The Biblical Way of Exposition
A Sermon on Romans 8:28-30
28And we know that God causes all things to work together for good to those who love God, to those who are called according to His purpose. 29For those whom He foreknew, He also predestined to become conformed to the image of His Son, so that He would …
28And we know that all things work together for good to them that love God, to them who are the called according to his purpose. 29For whom he did foreknow, he also did predestinate to be conformed to the image of his Son, that he might be the …
The doctrine of the perseverance of the saints is a contested doctrine. Those who hold to the cherished doctrine of assurance must acknowledge the difficult objections posed and not ignore them. Dr. Martyn Lloyd-Jones recognizes this and serves as a positive example of an exegete who does not shy away from engaging the most often-cited Scriptures that seem to contradict his personal beliefs. In a manner that not only demonstrates a responsible handling of Scripture, he also demonstrates humility in his exegetical task. In this message on Romans 8:28–30 titled “The Biblical Way,” Dr. Lloyd-Jones outlines his principles of interpretation. He encourages interpreters of the Bible to operate on the principle of Scripture alone. Rather than allowing philosophy to govern one’s interpretation, he argues that the Christian should allow Scripture to interpret Scripture. Furthermore, one should start with the unambiguous “proof texts” and then deal with the difficult texts in light of the clear statements. He applies these interpretive principles as he works through famous passages like the Parable of the Sower, Hebrews 6, and 2 Peter 2. Listen as Dr. Lloyd-Jones lays out interpretive principles that all Christians should implement in their personal study of sacred Scripture.
- The sermon is focused on Romans 8:28-30 which talks about God's eternal purpose and predestination.
- The objective is not just to have a theological discussion but to know God better and understand our eternal destiny.
- Doctrine should lead to practice. We study predestination to gain assurance of salvation.
- There are difficulties and objections that arise from this doctrine that the sermon aims to address.
- We must deal with Scripture alone without bringing in philosophy.
- Compare Scripture with Scripture. There are no contradictions.
- Start with clear positive statements of Scripture called "proof texts". Examples are John 10:27-29, John 17:11-12, Romans 8:7, Romans 9, 1 Corinthians 2:14, Ephesians 2:1-3, 1 Peter 1:3-5, 1 John 5:18-19.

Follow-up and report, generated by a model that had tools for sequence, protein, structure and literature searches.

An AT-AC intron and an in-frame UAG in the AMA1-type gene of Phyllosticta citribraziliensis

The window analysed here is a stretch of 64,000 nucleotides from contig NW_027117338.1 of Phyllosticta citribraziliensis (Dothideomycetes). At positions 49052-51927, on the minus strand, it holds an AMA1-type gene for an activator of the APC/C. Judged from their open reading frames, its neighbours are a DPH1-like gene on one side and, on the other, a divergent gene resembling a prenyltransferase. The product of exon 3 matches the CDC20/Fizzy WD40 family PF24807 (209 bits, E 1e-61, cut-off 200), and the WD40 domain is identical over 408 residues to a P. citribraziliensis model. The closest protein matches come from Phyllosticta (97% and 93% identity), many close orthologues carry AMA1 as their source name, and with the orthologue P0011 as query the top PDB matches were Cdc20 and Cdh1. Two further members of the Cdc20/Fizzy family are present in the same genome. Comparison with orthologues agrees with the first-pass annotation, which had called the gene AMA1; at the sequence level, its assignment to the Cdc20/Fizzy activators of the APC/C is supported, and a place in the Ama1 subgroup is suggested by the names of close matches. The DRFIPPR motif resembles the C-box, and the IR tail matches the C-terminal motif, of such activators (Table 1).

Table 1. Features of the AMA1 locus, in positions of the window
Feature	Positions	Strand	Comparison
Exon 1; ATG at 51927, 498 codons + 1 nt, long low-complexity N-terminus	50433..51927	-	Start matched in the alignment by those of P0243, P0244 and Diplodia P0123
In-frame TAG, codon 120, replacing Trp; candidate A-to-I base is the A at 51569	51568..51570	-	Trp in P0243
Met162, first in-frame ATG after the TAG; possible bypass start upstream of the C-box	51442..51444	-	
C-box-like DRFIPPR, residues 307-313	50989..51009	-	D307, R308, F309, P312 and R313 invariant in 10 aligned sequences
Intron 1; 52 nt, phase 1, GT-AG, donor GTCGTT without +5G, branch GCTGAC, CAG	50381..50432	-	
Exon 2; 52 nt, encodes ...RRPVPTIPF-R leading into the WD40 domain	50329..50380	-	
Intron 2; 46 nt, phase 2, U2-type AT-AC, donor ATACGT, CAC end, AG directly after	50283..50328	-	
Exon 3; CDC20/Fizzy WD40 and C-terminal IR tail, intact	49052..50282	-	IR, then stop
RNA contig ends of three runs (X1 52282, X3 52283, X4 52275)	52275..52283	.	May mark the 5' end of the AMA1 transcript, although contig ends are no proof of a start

- Deal with difficult passages in light of the clear positive statements.
- Be careful to observe the details and context of each passage. Do not base doctrine on isolated texts.
- The parable of the sower (Matthew 13:18-23) does not teach falling away. Only the last group represents true Christians who have understanding. The others have no root and are not saved.
- John 2:23-25 and John 6:60-66. Not all who seem to believe are truly saved. Jesus knew their hearts.
- 1 Timothy 1:19-20. Their faith was in a state of "shipwreck" or chaos, not that they lost their salvation. They were handed over for correction showing they were still saved.
- 1 Timothy 4:1-2 and 2 Timothy 2:15-18. False teachers were in the church but there is no evidence they were ever truly saved. They upset the faith of some but did not cause them to fall from grace.
- Hebrews 6 and 10 refer to those who reject the gospel, not to loss of salvation. The book addresses belief in Christ, not just failure in practice.
- 2 Peter 2:1 and 2 Peter 2:20-22. "Pollutions" refers to surface defilement, not deep "corruption" like in 1 Peter 1:4. The false teachers were like washed pigs and dogs that return to their old ways. They were never changed in nature. "Lord" refers to God the Father, not Christ. "Bought" refers to deliverance from Egypt, not redemption by Christ's blood.
The Book of Romans
Dr. Martyn Lloyd-Jones
Dr. Martyn Lloyd-Jones (1899-1981) was a Welsh evangelical minister who preached and taught in the Reformed tradition. His principal ministry was at Westminster Chapel, in central London, from 1939-1968, where he delivered multi-year expositions on books of the bible such as Romans, Ephesians and the Gospel of John. In addition to the MLJ Trust’s collection of 1,600 of these sermons in audio format, most of these great sermon series are available in book form (including a 14 volume collection of the Romans sermons), as are other series such as "Spiritual Depression", "Studies in the Sermon on the Mount" and "Great Biblical Doctrines". He is considered by many evangelical leaders today to be an authority on biblical truth and the sufficiency of Scripture.